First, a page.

A faulty pancreas is one of the root causes of type 2 diabetes. As described in the Journal of Population Therapeutics and Clinical Pharmacology (opens in new tab), low-fat vegan diets may help to keep your pancreas in check. Obesity and dyslipidemia may disrupt the function of insulin-producing pancreatic cells, ultimately leading to their death. High blood glucose levels can speed up this process further. Diets high in animal-based saturated fats are particularly harmful, while plant-based unsaturated fats appear to protect pancreatic cells from damage. 

Vegan diets may also be better than omnivorous diets at improving insulin sensitivity. According to a review published in the Clinical Nutrition ESPEN (opens in new tab) journal, animal protein intake intensifies insulin resistance, whereas plant-based foods enhance insulin sensitivity. This happens regardless of one’s bodyweight. 

Diabetes management

A growing body of evidence suggests that vegan diets can be effective at managing existing type 2 diabetes. Multiple studies (opens in new tab) have demonstrated that plant-based diets are better at reducing HbA1c (glycated hemoglobin test, which measures changes to your blood sugar level over the last 2-3 months) than conventional diets. However, some healthcare providers argue that patients may find vegan diets hard to follow.

Vegan diet for diabetes: What are the risks?

Type 1 diabetes

People with type 1 diabetes may need to be extra vigilant when planning their diet. 

“For type 1 diabetes, it’s important to balance the right amount of carbohydrates with the right amount of insulin and consider how different foods will impact your blood glucose levels,” says Dr Tariq Mahmood, a gastroenterologist and medical director at Concepto Diagnostics (opens in new tab). “This will still apply when adhering to a vegan diet, which is typically healthier than a modern diet. 

"While eating fruits and drinking juices and smoothies is healthier than cakes and fizzy drinks, you should still be aware of the amount of carbohydrates being consumed. This is especially an issue when it comes to fruit, as juices and smoothies make it easy to consume a large portion in one sitting.”

It may not be suitable for everyone 

A vegan diet may be a useful tool for preventing and managing diabetes, but this approach may not be suitable for everyone. Plant-based diets need to be well-balanced. As such, they require more planning, preparation and surveillance than conventional diets. As suggested in the Nutrients (opens in new tab) journal, vegan diets may not be suitable for diabetes management in children, adolescents, frail elderly, and pregnant or breastfeeding women.

Nutritional deficiencies

“All vegans should pay careful attention to their food choices, irrespective of whether they’re a diabetic,” says Collier. “Although many of the foods in vegan diets are healthy, it doesn’t necessarily mean that all vegan diets are healthy. There are plenty of vegan-suitable junk snacks that should only be consumed occasionally and in moderation.”

A bottle of vitamin D supplements emptied onto a tabletop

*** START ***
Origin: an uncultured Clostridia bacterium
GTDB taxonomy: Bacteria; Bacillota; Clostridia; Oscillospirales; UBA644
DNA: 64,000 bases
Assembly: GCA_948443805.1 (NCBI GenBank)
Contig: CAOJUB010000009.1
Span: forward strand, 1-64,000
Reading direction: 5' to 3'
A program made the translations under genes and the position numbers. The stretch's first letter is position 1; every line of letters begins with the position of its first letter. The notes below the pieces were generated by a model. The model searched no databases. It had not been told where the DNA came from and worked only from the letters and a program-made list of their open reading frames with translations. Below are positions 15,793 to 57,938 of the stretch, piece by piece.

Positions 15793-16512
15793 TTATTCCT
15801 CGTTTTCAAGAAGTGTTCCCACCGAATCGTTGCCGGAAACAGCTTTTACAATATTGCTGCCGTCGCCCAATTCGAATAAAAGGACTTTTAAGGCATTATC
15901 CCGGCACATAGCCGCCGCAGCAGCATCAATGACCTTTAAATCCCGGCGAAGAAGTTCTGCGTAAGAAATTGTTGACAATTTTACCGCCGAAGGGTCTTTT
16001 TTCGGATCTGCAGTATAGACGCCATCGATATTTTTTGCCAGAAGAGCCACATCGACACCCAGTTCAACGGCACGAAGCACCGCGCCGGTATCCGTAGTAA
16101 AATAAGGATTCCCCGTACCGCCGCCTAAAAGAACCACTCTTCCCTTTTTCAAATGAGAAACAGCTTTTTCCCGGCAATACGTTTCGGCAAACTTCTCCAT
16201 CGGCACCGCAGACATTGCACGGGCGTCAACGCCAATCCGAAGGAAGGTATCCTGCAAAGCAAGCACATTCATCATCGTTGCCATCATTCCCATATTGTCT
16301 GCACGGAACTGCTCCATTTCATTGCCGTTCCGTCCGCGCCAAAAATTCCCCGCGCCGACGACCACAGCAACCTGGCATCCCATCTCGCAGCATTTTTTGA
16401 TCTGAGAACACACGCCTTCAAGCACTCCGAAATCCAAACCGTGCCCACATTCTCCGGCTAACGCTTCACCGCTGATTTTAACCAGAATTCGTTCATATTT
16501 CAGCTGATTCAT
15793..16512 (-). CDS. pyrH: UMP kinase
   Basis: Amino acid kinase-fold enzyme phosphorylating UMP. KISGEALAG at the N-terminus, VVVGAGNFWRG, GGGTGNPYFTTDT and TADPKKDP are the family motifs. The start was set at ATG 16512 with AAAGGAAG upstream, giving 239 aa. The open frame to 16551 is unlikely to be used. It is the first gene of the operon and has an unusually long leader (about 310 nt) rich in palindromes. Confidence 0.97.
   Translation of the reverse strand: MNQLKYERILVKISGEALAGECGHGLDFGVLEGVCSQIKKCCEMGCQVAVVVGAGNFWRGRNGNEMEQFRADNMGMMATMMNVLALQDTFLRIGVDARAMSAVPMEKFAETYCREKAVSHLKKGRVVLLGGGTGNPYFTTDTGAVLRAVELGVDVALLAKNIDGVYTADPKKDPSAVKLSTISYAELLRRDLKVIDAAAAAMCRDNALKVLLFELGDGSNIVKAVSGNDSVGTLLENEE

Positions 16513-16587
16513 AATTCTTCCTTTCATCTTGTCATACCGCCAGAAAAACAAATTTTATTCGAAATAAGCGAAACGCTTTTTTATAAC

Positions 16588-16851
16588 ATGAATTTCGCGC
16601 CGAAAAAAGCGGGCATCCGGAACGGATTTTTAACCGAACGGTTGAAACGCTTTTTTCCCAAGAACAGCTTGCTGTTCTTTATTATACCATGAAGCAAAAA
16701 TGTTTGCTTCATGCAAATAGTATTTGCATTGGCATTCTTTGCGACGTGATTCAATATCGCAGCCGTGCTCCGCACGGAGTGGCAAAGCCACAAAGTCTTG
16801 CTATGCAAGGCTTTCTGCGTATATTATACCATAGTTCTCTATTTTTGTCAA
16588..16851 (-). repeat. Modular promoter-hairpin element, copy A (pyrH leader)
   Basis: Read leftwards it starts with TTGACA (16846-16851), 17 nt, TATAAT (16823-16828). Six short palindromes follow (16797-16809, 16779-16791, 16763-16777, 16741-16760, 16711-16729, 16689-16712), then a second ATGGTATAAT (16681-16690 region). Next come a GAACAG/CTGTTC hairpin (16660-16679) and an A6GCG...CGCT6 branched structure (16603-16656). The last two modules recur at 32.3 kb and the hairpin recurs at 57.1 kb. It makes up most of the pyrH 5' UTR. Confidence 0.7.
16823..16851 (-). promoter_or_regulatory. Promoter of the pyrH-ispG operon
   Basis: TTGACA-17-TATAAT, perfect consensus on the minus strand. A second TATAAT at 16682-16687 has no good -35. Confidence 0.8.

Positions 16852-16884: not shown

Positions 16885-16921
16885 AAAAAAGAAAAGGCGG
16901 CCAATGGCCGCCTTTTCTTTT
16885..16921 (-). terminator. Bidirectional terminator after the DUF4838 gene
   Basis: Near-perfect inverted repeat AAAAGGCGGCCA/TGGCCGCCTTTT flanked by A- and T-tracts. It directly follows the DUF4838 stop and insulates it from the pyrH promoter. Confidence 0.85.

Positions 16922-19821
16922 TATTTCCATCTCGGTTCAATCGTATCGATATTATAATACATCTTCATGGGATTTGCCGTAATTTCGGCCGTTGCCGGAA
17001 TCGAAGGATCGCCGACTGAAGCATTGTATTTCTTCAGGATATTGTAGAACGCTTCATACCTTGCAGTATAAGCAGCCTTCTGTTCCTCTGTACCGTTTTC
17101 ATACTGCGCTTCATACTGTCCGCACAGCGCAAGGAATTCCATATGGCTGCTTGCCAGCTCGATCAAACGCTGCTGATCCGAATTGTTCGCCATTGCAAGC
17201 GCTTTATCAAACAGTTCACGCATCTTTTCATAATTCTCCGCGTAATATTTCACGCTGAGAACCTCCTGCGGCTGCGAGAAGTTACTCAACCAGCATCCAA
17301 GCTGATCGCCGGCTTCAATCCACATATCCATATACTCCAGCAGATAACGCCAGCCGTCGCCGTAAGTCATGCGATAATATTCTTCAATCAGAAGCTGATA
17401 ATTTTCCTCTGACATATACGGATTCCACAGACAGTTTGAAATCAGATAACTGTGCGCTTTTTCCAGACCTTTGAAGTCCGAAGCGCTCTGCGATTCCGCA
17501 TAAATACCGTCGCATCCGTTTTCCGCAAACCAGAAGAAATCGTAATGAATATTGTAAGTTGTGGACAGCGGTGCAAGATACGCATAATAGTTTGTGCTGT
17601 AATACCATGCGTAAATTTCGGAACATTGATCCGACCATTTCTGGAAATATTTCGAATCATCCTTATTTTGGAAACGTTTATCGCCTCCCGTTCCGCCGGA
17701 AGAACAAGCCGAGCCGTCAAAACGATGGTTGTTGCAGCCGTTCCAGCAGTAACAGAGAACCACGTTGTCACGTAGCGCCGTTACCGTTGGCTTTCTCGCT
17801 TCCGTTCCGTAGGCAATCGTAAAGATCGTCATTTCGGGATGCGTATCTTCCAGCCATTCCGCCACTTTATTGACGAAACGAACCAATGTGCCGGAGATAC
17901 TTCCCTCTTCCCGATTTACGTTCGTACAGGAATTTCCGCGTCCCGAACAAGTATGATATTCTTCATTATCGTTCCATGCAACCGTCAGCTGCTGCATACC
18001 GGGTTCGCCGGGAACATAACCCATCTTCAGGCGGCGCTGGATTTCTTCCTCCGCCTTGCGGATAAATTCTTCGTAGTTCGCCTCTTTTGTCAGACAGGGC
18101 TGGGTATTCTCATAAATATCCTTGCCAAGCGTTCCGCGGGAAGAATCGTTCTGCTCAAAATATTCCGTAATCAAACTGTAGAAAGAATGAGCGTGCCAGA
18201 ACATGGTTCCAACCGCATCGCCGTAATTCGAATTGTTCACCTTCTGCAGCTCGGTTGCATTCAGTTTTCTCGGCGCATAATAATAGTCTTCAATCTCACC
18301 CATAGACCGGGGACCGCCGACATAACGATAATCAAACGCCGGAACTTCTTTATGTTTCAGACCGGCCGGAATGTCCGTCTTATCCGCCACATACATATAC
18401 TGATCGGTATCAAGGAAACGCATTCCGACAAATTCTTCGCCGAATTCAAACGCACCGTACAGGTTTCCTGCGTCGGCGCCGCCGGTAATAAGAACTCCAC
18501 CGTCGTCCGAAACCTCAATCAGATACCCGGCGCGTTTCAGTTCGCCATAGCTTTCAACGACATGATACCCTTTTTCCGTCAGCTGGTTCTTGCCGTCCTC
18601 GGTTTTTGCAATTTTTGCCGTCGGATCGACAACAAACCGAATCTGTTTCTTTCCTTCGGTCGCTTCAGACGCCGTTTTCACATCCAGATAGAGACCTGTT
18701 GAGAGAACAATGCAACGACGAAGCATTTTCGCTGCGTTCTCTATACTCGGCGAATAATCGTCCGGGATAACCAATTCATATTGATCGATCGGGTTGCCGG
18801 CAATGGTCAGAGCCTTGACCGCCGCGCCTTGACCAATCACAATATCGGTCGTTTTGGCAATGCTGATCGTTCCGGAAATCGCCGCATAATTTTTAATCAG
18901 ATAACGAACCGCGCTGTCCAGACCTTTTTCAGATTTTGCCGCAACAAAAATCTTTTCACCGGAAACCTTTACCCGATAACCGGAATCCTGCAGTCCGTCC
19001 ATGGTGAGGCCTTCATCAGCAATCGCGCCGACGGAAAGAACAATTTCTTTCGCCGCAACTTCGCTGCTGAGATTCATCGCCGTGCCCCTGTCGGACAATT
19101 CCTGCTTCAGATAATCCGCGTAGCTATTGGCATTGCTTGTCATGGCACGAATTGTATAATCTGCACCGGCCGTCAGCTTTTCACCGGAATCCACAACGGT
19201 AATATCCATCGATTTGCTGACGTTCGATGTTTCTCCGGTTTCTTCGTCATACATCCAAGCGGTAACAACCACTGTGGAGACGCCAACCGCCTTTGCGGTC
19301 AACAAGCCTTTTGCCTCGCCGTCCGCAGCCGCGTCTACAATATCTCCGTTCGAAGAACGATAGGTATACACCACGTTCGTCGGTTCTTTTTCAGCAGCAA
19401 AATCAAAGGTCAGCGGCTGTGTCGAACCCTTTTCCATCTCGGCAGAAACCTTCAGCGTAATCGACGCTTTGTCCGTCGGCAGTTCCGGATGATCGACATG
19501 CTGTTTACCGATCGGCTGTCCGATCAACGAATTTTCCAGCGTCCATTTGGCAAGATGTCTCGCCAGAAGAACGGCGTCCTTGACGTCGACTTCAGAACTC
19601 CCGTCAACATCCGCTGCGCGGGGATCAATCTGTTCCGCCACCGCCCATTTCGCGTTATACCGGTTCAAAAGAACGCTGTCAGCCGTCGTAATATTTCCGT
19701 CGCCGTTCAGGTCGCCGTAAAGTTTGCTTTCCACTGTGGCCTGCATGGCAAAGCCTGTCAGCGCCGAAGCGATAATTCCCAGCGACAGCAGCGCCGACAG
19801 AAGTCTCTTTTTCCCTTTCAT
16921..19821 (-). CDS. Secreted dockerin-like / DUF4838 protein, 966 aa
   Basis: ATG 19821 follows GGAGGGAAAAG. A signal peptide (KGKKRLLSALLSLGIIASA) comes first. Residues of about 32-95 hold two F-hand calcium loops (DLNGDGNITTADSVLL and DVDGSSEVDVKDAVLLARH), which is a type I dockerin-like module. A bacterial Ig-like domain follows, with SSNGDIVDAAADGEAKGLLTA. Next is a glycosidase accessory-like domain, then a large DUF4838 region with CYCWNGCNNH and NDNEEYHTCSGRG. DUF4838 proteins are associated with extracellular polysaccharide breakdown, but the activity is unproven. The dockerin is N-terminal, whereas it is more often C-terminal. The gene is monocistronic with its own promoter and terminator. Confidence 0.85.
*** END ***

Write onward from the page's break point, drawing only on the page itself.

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Vegan diets may also be restrictive, particularly when adapted for patients with diabetes. It may be relatively easy to develop nutritional deficiencies and imbalances. Many foods with a medium-to-high carbohydrate content are great sources of dietary fiber, vitamin C, B vitamins, and health-promoting phytonutrients. Vegans may also struggle with obtaining enough calcium, iron, zinc, vitamin D, vitamin E or essential omega-3 fatty acids. Certain micronutrients, such as vitamin B12, are practically non-existent in plant foods and need to be supplemented.

“Beneficial omega-3 fats will have to be obtained from foods like flaxseed, walnuts, hemp seeds, chia seeds or algae-based foods or supplements,” says Collier. “As plant-based diets also lack sufficient vitamin B12, a B12 supplement is advised. Many cereals and grains contain phytic acid which itself is a phytonutrient. Phytic acid is also an antinutrient. Antinutrients are substances which, while having health benefits themselves, can affect the bioavailability of other nutrients. Too much phytic acid can bind iron which is why vegans can be at greater risk of iron-deficiency anemia. Fortunately, nuts, seeds and leafy-green veg are rich in iron. Also, vitamin C promotes the uptake of iron helping to prevent iron deficiency.”

Protein intake

You might ask, ‘do you need to eat meat to get protein?’. The answer is no, however, vegan diets will usually require more planning and preparation. This is because the quality of plant-based protein may not always be comparable to that found in animal-based foods. 

Meat, dairy and eggs contain enough of all the essential amino acids – the building blocks of protein molecules that we are unable to produce ourselves. Most vegan sources of protein tend to lack one or more of these components. To make sure you get all the necessary amino acids, include more complete, or almost complete, plant-based protein sources in your diet. Other strategies are to ‘mix and match’ multiple incomplete protein sources, or invest in the best vegan protein powder to bridge potential gaps in your diet.

When balanced, plant protein can be beneficial for the management of diabetes. “High animal protein intakes have been associated with an increased risk of type 2 diabetes, while a moderate plant protein intake is associated with a decreased risk,” says Mahmood. This claim is backed up by years of research. Multiple studies have demonstrated how substituting red and processed meat with plant-based protein helps with blood sugar level regulation. 

This article is for informational purposes only and is not meant to offer medical advice.

Anna Gora
Health Writer

Anna Gora is a Health Writer for Future Plc, working across Coach, Fit&Well, LiveScience, T3, TechRadar and Tom's Guide. She is a certified personal trainer, nutritionist and health coach with nearly 10 years of professional experience. Anna holds a BSc degree in Nutrition from the Warsaw University of Life Sciences, a Master’s degree in Nutrition, Physical Activity & Public Health from the University of Bristol, as well as various health coaching certificates. She is passionate about empowering people to live a healthy lifestyle and promoting the benefits of a plant-based diet.